Inyo Council for the Arts press release

In Bishop and Lone Pine

We are excited to again present Community Art Days in communities across Inyo

Poster Smaller

Our first two events are Saturday, October 13th at the Bishop City Park, and Sunday,
October 14th at the County Park in Lone Pine!

Events take place from noon to 6:00pm and include hands-on arts and crafts activities,
workshops, live music, artist booths, and food vendors.

ICA is recruiting artists, vendors, and volunteers
for these events!
These events support our local communities and we encourage individuals, businesses,
and organizations from each community to participate as vendors, artists, and

For more information and to learn how to participate, visit or contact ICA at 760-873-8014 / [email protected]

Inyo Council for the Arts Receives National Endowment for the Arts Grant

Grant to support Community Art Days

INYO COUNTY, CALIFORNIA — The National Endowment for the Arts is awarding Inyo Council for the Arts a $10,000 grant to support Community Art Days across the county in 2018 and 2019.

“The National Endowment for the Arts is committed to ensuring all Americans have access to the arts, whether they are in a small or large, rural or urban area,” said NEA Acting Chairman Mary Anne Carter. “We are proud to support organizations such as Inyo Council for the Arts that are providing opportunities for more people to experience and engage in the arts in their communities.”

“Community Art Days were a big hit in 2017 – with events being held in Lone Pine, Independence, Big Pine, and Bishop.” Said Lynn Cooper, ICA Executive Director.  “These events supported artists, teachers, performers, businesses, and volunteers from each of these communities. We are excited to present these events once again in 2018/19 with additional support from the NEA.”

Inyo Council for the Arts (ICA) is a non-profit community-based organization that advances the arts in Inyo County through participation, education, and collaboration. Art enriches lives, creates a language that connects all people, and celebrates diverse cultures and historical heritages. ICA provides venues for artists to perform and share their work, and for the community to gather in appreciation of the arts.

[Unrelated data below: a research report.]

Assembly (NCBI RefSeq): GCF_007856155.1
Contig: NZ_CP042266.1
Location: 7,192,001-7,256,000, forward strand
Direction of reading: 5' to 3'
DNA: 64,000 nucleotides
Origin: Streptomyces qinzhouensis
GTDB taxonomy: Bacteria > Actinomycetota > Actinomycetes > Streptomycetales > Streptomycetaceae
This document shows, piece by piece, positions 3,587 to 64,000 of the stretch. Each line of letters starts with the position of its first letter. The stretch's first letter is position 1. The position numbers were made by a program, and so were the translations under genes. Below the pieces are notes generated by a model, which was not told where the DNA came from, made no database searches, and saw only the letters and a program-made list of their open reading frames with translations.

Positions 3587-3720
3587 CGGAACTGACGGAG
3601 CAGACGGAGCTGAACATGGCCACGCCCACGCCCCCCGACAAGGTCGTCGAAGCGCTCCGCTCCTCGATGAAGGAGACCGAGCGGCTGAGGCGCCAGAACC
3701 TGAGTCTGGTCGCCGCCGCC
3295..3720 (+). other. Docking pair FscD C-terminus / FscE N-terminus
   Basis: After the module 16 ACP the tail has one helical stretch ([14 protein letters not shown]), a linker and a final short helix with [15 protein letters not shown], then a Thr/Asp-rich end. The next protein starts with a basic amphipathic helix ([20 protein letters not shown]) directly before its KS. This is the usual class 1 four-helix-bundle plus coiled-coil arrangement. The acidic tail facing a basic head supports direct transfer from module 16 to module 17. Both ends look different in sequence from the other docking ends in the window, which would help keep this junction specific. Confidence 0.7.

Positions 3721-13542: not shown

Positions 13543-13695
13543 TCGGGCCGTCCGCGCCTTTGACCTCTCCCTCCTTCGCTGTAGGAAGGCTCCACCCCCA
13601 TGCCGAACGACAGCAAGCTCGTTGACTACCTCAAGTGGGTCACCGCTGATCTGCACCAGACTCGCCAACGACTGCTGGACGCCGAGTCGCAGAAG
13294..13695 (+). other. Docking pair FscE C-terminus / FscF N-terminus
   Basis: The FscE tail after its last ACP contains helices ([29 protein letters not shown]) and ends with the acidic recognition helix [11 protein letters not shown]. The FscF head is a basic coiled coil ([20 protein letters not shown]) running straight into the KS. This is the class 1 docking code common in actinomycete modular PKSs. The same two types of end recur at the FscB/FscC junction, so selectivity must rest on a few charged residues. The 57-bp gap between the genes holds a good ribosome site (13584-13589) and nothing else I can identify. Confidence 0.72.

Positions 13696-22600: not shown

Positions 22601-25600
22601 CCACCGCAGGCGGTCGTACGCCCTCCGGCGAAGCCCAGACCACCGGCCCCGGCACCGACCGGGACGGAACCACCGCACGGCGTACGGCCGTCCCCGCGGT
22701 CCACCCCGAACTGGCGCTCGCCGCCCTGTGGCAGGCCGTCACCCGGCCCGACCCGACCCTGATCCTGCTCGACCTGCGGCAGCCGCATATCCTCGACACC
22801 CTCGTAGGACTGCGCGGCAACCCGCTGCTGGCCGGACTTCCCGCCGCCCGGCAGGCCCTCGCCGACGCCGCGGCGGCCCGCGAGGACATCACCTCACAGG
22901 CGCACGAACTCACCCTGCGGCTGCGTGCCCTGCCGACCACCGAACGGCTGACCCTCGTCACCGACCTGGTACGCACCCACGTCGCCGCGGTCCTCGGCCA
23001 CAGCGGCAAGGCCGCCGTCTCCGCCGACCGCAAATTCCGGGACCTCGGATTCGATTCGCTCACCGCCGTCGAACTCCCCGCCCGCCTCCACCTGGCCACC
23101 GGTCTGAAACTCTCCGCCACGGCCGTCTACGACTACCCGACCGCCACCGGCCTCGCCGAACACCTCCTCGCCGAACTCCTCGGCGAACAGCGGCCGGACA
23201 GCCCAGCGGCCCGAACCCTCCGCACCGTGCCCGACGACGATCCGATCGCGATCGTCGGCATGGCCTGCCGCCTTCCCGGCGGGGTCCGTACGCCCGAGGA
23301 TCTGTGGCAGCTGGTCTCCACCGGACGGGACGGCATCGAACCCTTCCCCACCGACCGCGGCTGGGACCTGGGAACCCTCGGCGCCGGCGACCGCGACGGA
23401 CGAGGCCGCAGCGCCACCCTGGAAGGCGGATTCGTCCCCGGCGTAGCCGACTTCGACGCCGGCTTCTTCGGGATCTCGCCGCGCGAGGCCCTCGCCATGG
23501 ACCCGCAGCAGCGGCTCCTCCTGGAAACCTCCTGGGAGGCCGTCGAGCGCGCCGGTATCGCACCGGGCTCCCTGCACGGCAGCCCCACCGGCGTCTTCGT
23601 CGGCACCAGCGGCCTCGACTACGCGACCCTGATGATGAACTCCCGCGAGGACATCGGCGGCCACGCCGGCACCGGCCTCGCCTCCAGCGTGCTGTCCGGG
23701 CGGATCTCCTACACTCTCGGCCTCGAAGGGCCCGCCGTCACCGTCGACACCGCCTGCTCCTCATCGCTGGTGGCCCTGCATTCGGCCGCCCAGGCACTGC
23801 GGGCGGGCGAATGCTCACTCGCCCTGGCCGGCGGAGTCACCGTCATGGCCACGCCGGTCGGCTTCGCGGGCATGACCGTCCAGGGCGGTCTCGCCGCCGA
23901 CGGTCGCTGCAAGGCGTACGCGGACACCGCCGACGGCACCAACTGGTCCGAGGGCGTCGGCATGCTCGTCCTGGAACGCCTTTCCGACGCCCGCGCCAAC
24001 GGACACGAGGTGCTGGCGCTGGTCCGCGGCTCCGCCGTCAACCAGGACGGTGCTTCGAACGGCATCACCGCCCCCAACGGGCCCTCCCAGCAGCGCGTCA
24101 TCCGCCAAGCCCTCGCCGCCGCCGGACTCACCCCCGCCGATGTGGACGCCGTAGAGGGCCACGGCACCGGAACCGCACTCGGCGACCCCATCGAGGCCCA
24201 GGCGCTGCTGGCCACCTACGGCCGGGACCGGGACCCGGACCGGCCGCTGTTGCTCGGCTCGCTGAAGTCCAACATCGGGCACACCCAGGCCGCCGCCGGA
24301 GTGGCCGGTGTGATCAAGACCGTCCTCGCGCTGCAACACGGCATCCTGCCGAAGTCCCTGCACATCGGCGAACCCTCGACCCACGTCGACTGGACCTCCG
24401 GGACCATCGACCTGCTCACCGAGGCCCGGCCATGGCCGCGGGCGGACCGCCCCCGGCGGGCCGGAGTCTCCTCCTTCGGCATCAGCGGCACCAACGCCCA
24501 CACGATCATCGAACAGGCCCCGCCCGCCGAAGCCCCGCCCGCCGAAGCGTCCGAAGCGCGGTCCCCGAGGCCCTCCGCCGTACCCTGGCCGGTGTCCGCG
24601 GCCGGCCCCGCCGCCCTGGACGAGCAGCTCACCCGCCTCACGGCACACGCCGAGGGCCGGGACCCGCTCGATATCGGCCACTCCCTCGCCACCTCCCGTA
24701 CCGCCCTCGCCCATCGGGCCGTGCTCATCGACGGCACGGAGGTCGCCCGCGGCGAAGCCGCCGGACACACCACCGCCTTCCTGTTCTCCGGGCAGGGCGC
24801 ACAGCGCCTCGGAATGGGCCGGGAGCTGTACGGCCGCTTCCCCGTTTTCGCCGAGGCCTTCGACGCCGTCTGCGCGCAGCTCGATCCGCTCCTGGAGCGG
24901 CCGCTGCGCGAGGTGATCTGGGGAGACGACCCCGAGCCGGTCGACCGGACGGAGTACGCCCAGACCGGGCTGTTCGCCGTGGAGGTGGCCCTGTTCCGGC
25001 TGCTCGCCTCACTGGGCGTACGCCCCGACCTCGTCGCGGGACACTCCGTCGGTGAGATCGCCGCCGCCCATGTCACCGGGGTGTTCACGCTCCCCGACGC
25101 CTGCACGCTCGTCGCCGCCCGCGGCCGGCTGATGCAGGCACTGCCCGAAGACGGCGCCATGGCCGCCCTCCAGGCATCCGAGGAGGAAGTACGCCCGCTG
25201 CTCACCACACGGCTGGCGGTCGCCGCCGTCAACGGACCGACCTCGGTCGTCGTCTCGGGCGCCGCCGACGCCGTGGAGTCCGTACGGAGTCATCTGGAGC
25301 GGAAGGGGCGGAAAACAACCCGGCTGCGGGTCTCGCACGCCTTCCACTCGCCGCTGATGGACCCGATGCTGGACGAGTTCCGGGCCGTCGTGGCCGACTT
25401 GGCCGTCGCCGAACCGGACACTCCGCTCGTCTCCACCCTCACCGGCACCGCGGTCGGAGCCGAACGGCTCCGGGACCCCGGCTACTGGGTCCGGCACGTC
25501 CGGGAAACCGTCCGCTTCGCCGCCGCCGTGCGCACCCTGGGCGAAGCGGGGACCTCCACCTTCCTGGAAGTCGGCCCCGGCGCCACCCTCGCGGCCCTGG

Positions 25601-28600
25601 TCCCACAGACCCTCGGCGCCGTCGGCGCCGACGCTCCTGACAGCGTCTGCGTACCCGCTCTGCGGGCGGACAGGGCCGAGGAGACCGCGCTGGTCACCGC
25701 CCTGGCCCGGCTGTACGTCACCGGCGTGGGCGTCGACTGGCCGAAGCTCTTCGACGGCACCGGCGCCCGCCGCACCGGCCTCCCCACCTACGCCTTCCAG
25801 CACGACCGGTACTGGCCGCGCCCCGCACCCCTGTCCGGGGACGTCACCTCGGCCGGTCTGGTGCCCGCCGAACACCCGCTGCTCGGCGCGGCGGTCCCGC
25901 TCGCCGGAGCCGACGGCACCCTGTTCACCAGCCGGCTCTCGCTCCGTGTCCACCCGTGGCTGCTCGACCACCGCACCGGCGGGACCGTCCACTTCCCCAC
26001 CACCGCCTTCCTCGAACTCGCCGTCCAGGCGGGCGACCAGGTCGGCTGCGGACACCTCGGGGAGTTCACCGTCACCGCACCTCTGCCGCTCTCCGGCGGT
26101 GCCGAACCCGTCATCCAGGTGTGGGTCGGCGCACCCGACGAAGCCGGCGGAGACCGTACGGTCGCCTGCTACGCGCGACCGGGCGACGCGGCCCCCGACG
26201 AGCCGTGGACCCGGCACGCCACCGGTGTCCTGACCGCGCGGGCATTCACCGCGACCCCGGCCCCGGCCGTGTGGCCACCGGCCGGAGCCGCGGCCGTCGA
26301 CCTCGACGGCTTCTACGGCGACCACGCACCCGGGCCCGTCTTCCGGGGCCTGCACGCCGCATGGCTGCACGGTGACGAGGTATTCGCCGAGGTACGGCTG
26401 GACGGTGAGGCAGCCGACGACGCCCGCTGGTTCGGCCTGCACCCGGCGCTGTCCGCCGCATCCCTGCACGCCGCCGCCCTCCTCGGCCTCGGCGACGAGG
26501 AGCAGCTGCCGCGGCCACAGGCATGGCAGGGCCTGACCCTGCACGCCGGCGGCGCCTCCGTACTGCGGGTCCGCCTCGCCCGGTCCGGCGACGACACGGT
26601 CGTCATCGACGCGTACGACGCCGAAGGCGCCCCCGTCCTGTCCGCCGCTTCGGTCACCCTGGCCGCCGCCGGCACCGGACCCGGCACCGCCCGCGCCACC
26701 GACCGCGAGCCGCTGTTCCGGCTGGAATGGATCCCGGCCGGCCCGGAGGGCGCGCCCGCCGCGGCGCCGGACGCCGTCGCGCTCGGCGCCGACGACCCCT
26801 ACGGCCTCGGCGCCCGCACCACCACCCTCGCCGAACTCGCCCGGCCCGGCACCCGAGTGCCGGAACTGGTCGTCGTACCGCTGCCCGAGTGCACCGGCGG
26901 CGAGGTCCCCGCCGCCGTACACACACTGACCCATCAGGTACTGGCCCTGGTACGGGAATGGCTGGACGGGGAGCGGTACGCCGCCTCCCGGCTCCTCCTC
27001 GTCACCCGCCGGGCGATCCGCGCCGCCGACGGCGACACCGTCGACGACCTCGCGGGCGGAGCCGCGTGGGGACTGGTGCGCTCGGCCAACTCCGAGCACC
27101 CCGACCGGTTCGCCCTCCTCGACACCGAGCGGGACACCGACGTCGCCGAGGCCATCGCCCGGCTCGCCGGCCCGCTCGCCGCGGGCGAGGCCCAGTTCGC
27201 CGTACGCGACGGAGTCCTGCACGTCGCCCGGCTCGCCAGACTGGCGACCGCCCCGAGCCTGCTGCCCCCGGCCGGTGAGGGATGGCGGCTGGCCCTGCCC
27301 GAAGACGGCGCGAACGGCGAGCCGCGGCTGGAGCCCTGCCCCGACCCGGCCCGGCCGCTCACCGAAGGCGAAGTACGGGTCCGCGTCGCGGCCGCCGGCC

About the National Endowment for the Arts

Established by Congress in 1965, the National Endowment for the Arts is the independent federal agency whose funding and support gives Americans the opportunity to participate in the arts, exercise their imaginations, and develop their creative capacities. Through partnerships with state arts agencies, local leaders, other federal agencies, and the philanthropic sector, the NEA supports arts learning, affirms and celebrates America’s rich and diverse cultural heritage, and extends its work to promote equal access to the arts in every community across America. Visit to learn more about NEA.


Kyodo Taiko (響童太鼓) is the first collegiate taiko group to form in North America, founded in 1990 by Mark Honda under UCLA’s Nikkei Student Union (NSU). We work to promote the art of Japanese-American taiko drumming within the UCLA and surrounding communities while instilling within the community a sense of respect and understanding of the Japanese-American culture.

Kyodo Taiko Team Picture

Kyodo performs for the UCLA and Southern California Japanese American communities every year, including UCLA basketball halftime shows, addresses by UCLA chancellor Gene D. Block, the Monterey Park Cherry Blossom Festival, and annual Manzanar Pilgrimage. In recent years, they have performed at a Clippers Halftime Show, collaborated with the dance group Culture Shock LA, and were featured in musician LP’s “Tokyo Sunrise” music video. We also perform at UCLA NSU’s annual Cultural Nights and host an annual Spring Concert on the UCLA campus.

Comprised entirely of college students, Kyodo Taiko is in a perpetual state of turnover and transition, with no fixed sensei. As most new members have no prior experience, it is a priority that all members cooperatively learn the different aspects and traditions of taiko, along with those of the group, in a very short period of time. In a fast-paced, peer-driven environment, there is a sense of freedom to experiment and explore new ideas and aspects of taiko with little reservation; nearly all of Kyodo Taiko’s pieces are either written or arranged by its members, with new ones created every year.

Kyodo has two meanings – one being “family, “ and the other, literally, “loud children.” Striving to live up to its name, Kyodo Taiko functions as a family or loud children, sharing the joy and spirit of taiko with more and more of the surrounding community each year.


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